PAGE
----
Pain Specialists will treat you in a comprehensive way. This may include medications, injections, implantations, exercise, physical therapy, massage, acupuncture, and psychological counseling. It is important to remember that if a Pain Specialist recommends psychological therapy, this does not mean that he or she does not believe you are actually in physical pain.
Because pain has an emotional component, therapy can be useful to help patients cope with chronic pain: physically, mentally, and psychologically. It is important to look at all of these components in treating the multiple dimensions of pain.
During your first visit with the Pain Specialist, the doctor will get to know you and evaluate your pain in order to build a good treatment plan. The first visit will include your detailed pain history, a review of tests that have or haven’t already been performed, and a physical exam. Then, the Pain Specialist will want to know about your past medical history. In addition to these detailed questions, if you have already had tests such as x-rays, CT scans, EMG/NCT tests (electrodiagnostic tests of the muscles and nerves) or MRI scans performed, you should bring these and the reports with you.
The Pain Specialist will compile all of your information and discuss an initial assessment of your pain. You should be able to tell the Pain Specialist where it hurts and how it hurts – for example, a burning feeling, an ache, pins and needles, etc. You should also be prepared to tell the physician when the pain first started, what you think may have caused it, and what makes the pain better or worse. You and the Pain Specialist will also want to go over specific medications, nerve blocks, and/or other treatments you have tried in the past.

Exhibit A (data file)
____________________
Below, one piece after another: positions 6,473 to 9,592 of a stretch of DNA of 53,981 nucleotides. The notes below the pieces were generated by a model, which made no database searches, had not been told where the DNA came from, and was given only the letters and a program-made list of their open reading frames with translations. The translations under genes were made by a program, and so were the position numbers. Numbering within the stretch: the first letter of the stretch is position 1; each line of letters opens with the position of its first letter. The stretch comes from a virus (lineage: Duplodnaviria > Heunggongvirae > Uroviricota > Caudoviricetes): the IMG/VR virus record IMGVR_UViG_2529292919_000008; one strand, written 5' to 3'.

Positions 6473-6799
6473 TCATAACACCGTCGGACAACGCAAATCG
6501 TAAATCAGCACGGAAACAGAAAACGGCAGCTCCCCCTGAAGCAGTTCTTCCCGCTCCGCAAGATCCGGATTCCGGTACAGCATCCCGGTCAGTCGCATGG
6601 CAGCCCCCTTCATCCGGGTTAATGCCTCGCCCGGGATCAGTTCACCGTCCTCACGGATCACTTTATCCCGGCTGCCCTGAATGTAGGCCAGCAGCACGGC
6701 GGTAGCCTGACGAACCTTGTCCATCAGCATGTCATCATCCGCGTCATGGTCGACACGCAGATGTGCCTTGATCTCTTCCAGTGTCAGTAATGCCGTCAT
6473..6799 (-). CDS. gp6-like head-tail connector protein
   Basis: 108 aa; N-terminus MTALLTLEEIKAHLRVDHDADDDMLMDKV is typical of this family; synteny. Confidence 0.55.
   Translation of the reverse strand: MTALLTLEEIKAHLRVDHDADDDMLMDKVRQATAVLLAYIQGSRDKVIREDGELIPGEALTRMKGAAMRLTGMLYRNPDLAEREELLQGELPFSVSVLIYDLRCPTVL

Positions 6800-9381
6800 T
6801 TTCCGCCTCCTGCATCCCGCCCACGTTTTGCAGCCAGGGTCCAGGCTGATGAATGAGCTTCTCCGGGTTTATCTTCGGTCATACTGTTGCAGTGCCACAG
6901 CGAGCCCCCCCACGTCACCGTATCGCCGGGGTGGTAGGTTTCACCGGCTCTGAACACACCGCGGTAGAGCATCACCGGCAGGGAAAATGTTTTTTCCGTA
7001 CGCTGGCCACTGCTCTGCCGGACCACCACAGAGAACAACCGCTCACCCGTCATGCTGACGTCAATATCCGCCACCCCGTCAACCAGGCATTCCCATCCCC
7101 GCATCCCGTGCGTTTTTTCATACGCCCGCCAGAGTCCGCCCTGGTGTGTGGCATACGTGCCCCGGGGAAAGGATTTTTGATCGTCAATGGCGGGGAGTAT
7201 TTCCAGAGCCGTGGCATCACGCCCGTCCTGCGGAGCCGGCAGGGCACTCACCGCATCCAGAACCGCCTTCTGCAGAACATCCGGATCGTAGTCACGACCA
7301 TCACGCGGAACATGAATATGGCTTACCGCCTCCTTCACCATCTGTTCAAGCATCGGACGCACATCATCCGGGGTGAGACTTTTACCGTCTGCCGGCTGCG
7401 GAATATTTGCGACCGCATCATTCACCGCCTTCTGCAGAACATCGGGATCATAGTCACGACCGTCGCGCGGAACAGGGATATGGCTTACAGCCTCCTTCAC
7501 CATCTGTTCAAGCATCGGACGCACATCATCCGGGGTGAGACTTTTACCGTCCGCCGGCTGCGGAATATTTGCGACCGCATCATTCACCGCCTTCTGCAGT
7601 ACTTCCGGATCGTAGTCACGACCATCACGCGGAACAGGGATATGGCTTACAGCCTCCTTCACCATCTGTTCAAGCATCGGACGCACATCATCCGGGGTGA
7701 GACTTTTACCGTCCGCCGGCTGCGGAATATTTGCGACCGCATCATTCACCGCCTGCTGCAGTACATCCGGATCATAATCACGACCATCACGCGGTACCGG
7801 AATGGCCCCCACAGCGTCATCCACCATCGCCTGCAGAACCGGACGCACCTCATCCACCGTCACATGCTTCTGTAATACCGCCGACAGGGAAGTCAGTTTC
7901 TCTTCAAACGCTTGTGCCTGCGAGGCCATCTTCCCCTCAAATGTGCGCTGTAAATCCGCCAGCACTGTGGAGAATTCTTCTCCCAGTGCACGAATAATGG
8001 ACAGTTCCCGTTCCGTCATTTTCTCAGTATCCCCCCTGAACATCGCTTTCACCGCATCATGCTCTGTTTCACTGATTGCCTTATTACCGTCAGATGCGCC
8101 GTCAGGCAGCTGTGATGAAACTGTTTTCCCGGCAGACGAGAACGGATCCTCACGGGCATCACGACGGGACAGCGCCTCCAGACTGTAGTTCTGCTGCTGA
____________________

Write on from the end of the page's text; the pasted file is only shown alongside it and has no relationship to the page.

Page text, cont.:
The doctor may be able to start a treatment plan with you, or he or she may need to order further tests in order to better make a diagnosis. Whether or not you can begin a therapy right away, the first visit should be a gateway to a better understanding of your particular type of pain, steps needed in order to more fully evaluate the condition, and a plan for controlling the pain.
If you are looking for help, please visit my Recommended Resources page for links to pain and specific associations, which may help you locate Pain Specialists and support groups in your area. You can also find a Pain Specialist through a referral from your primary care physician. The Pain Specialist and your primary care physician can work together to go over treatments and assess your progress.